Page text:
Drew Stafford

Drew Stafford

3- Drew Stafford –– (RW, 35GP-5G-8A-13PTS) Throughout deadline day, the big story in Winnipeg Sports Media circles was the potential of a Drew Stafford for Alexander Burmistrov deal that never materialized.  Stafford is experiencing his struggles this season, and there is way too much potential that he could have been a bust (see Olli Jokinen for example) but there is reason to believe there was a deal to be had.  Might have well been worth the roll of the dice.

4- Lee Stempniak –– (RW, 34GP-7G-16A-23PTS) A streaky scorer who was available for the right price (see Mike Cammalleri).  Is a second round draft choice (projected to be 55th-60th overall)  acquired from Chicago in the Johnny Oduya trade expendable?  I think so especially for someone who knows how to play with Olli Jokinen.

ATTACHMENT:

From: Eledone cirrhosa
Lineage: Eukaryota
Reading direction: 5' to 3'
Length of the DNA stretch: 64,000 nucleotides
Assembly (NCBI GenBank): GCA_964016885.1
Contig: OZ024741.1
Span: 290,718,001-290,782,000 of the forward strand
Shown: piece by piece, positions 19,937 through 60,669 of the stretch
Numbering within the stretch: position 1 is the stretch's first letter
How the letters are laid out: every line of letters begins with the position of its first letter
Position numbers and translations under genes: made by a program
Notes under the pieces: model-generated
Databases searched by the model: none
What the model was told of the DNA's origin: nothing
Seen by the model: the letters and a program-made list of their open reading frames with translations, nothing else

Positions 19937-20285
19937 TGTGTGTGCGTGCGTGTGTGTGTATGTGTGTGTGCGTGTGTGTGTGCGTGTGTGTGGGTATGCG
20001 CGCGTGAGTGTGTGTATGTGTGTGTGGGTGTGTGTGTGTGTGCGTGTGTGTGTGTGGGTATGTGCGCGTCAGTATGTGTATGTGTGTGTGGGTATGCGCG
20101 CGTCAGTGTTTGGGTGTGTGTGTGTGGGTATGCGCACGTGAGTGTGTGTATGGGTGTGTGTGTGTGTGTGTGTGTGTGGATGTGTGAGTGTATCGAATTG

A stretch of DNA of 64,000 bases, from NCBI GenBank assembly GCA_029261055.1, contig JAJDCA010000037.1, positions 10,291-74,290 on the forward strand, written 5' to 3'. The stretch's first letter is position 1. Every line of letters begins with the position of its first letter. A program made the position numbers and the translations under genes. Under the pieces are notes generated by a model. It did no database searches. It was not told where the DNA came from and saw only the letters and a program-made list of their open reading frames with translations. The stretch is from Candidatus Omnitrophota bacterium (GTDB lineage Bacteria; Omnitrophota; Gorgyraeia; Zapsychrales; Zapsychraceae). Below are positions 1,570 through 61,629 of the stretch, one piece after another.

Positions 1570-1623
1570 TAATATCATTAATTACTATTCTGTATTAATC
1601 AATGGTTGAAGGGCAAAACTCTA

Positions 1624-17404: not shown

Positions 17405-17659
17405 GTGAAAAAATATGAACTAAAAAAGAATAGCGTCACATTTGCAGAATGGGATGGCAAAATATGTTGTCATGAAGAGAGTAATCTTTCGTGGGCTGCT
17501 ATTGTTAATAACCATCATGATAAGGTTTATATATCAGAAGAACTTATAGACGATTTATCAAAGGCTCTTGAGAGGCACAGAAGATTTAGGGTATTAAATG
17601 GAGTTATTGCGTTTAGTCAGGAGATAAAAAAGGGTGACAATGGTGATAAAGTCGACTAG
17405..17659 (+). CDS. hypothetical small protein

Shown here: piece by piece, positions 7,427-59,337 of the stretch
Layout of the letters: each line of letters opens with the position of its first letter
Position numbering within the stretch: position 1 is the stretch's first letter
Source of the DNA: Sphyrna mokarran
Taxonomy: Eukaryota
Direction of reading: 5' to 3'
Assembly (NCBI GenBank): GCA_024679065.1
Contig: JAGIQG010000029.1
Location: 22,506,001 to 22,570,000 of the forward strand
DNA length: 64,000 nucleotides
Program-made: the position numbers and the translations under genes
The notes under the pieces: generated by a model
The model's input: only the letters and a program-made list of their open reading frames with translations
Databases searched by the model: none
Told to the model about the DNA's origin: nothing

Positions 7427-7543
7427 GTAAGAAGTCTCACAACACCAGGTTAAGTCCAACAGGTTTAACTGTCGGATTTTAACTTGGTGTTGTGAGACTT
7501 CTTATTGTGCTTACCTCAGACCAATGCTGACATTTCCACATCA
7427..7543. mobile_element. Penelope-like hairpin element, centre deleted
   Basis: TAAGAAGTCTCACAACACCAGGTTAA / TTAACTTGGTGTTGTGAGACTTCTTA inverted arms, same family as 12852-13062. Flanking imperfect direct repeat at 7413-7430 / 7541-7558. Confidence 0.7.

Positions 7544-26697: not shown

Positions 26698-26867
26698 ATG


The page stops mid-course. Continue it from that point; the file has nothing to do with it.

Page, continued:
Radim Vrbata

Radim Vrbata

5- Radim Vrbata –– (RW, 22GP-7G-11A-18PTS) The Coyotes ultimately made small moves on deadline day, but the guy Yotes didn’t move would have fit nicely into the Jets second line.  Paul Postma and a 3rd might have fetched him too, we just won’t ever know.